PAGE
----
This week we've got a question from crafty Kerri at CK Farm:
Ok here is my question Lisa and Laura. Are you ready? You threatened it out of me, lol!
Topic: First chapter woes
I have done my first chapter over several times and was wondering if this tells me something about my story or am I just obsessing to get that hook, line, and sinker. Any advice to get that first chapter perfected would be nice! I hate to think it would send me into a bag of twizzlers stress eating!
Kerri C at CK Farm AKA Kerri C at the funny farm!
Oh Kerri, we have been there, my friend. I can't even tell you how many times we've rewritten the first chapter of Pemberly Brown. In fact, we've rewritten the first chapter of all of our manuscripts approximately a bazillion times.
First chapters are critical because agents, editors and readers decide whether or not to read the entire manuscript within a few paragraphs. No pressure or anything.
But don't panic because we have a full proof system for perfect first chapters:
1. Avoid cliches. Confirm that you aren't opening your manuscript with one of these tired cliches. Sure writers get away with this stuff all the time, but why risk it?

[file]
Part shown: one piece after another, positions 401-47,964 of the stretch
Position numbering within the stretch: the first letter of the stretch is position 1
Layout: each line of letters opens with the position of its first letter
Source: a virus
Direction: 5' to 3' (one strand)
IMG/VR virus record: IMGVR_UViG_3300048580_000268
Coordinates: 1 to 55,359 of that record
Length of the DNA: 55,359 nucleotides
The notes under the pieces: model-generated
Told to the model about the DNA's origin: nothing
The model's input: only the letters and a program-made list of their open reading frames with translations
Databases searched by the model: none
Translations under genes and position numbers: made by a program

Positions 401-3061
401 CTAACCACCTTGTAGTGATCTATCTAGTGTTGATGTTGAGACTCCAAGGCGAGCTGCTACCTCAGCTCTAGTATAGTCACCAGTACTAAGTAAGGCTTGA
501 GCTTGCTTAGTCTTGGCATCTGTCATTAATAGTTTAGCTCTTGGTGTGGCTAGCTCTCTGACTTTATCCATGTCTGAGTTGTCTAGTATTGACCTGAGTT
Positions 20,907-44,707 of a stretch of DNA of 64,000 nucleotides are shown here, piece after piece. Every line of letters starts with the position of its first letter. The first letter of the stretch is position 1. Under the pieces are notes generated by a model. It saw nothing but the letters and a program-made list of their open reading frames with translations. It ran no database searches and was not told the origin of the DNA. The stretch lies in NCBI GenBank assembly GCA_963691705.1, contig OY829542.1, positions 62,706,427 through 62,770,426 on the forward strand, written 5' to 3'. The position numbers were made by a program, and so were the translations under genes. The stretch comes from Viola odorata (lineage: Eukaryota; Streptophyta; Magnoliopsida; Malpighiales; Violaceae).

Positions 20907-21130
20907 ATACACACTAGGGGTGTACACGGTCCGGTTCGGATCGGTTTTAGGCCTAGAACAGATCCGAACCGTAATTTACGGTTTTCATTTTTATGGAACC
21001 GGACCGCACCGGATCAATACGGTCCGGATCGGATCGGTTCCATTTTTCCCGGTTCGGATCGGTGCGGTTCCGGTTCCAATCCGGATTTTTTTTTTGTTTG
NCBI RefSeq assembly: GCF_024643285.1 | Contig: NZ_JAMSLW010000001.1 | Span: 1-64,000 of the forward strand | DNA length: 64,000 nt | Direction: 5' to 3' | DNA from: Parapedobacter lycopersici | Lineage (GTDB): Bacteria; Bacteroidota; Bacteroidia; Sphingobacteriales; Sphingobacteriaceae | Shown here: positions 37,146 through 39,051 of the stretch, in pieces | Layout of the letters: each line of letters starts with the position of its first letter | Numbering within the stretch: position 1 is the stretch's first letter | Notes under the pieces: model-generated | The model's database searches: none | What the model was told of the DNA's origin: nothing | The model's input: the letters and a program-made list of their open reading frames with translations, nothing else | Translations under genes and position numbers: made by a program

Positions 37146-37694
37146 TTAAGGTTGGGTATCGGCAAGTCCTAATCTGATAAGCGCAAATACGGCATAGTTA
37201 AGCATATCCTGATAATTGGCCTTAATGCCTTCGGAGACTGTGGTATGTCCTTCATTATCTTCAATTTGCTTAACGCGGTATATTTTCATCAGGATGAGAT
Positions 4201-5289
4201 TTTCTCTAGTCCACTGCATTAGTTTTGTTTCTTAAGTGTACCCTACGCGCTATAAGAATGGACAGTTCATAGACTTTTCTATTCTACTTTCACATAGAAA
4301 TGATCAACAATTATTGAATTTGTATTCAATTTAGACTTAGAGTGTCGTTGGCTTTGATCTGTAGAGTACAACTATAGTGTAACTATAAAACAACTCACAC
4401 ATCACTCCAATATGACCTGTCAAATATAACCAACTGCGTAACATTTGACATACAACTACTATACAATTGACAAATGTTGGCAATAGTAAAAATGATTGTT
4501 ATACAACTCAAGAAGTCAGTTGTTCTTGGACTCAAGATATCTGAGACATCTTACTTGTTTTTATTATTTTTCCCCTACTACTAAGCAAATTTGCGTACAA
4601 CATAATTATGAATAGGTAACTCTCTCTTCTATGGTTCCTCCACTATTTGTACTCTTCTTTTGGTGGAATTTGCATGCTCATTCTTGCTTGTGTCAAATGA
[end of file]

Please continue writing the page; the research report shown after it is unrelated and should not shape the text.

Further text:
2. Conflict is key. One of the easiest ways to engage your reader is to make sure the central conflict of the manuscript is clearly described within the first chapter. It's really hard to hook your reader without conflict.
3. Start at the beginning. Um, duh. This seems kind of obvious, but make sure your first chapter starts where your story actually begins. Don't start with an infodump or backstory.
4. Get a second opinion. And a third, and a fourth and a fifth, uh yeah, you get the idea. The more people you have read your first chapter, the better. Brave enough to hear the answer to "Are you hooked?" Then enter one of MSFV's Secret Agent contests. This is a great way to get feedback from other talented writers and a literary agent.
5. Take the leap. Eventually you're going to have to take a leap of faith and send out your manuscript. Whether you're sending queries to agents or sending a new manuscript to your editor it can be hard to let go and stop tinkering. But in the words of the immortal Demi Moore in the cinematic masterpiece Indecent Proposal, when you love something you've got to set it free. Well, something like that anyways.
Hope this helps a little bit Kerri. First pages are a bitch!
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